On the day I die the world will be busy.
All the important appointments I made will be broken. The “new-to-North Pointe”-er wanting to become connected will be left sitting at Starbucks wondering why.
If I were still alive I’d feel embarrassed. So embarrassed.
The calendar that organized so many of my days will now be irrelevant to me.
The messy desk that haunted so much of my conscious thought will finally be cleared.
Material things I guarded will be left in the hands of others to care for. Or sell. Or discard.
All my incoming emails, SLACK, Instagrams, texts and calls will go ignored.
The ambition behind my unfinished posts, tweets, messages, articles and books will be unrequited.
Every superficial worry will fade away.
The reputation I once attended to will be of little concern anymore.
My critics words will now have zero influence.
All my small and large anxieties will be rendered powerless.
Life’s unfairness, complexities, conundrums, and pain will be seen from the topside of life’s patchwork quilt.
The incredible mysteries about death will finally be clarified in a way that they could never be while I lived.
These things will certainly all be true on the day I die.
I’ve just gone through three funerals in twenty-four hours on a holiday weekend. A 19 year old, an 89 year old and a 53 year old. Two were sudden deaths.
My day will come.
Yet for as much as will happen on that day, one more thing will happen.
On the day I die, the few people who really know and truly love me will cry.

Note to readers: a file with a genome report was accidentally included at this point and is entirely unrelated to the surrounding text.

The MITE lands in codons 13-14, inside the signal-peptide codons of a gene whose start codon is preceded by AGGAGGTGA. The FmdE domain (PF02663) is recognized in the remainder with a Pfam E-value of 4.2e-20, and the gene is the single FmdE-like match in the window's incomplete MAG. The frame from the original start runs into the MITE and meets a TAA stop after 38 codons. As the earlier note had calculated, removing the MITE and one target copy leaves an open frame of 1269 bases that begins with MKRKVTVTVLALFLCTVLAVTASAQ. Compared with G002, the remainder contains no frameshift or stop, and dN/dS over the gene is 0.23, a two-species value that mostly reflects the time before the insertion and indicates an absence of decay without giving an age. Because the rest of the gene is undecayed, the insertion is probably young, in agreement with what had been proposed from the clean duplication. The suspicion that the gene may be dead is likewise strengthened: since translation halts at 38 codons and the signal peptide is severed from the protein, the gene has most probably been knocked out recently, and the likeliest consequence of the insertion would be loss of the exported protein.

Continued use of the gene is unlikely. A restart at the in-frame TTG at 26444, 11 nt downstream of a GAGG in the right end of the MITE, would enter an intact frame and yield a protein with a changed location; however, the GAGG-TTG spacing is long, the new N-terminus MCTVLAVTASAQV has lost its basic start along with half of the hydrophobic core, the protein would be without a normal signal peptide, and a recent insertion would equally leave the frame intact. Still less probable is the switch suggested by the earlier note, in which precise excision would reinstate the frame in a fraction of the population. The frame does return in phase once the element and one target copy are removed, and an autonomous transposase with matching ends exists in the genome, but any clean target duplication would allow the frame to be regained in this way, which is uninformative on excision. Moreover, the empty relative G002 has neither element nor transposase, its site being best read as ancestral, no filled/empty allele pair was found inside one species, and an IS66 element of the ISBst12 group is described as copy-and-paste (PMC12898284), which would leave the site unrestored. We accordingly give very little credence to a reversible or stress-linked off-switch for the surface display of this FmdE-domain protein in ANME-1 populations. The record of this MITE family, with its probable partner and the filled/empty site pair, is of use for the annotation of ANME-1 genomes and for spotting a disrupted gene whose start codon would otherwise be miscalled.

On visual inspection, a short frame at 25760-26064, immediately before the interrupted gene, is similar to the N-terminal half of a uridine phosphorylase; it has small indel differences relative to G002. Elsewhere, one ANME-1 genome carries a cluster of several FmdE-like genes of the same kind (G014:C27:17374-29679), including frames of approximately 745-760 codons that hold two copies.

They will feel emptiness.
They will not feel ready.
And on that day, more than anything in the world they will want more time with me.
The commonality for each grieving family I serve is a wish for more time. One last conversation. A kiss. An embrace.
And so knowing this, I force myself to remember that my time with family and friends is finite. And fleeting. And precious.
I’ll do my best not to waste it.
I’ll try not to squander a priceless moment worrying about all the things that are either not my concern or beyond my control.
Chasing after the wind – other things – keeps you from living even as you live.
Other things rob you of time with those who love you and want only to share life with you.
It’s easy to waste so much daylight in the days before you die.
Don’t let your life be stolen by the bill of sale on all that you’ve been led to believe matters.
On the day you die, the fact is that much of it simply won’t. Matter.
Kiss without fear.
A shining life for the one and only eternal God and Savior.
Robert (Bob) W. Jones is a recovering perfectionist, who collects Coca-Cola memorabilia and drinks Iced Tea. His office walls are adorned with his sons’ framed football jerseys, and his library shelves, with soul food. He writes to inspire people to be real, grow an authentic faith in Jesus, enjoy healthy relationships and discover their life purpose.
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North Pointe Blog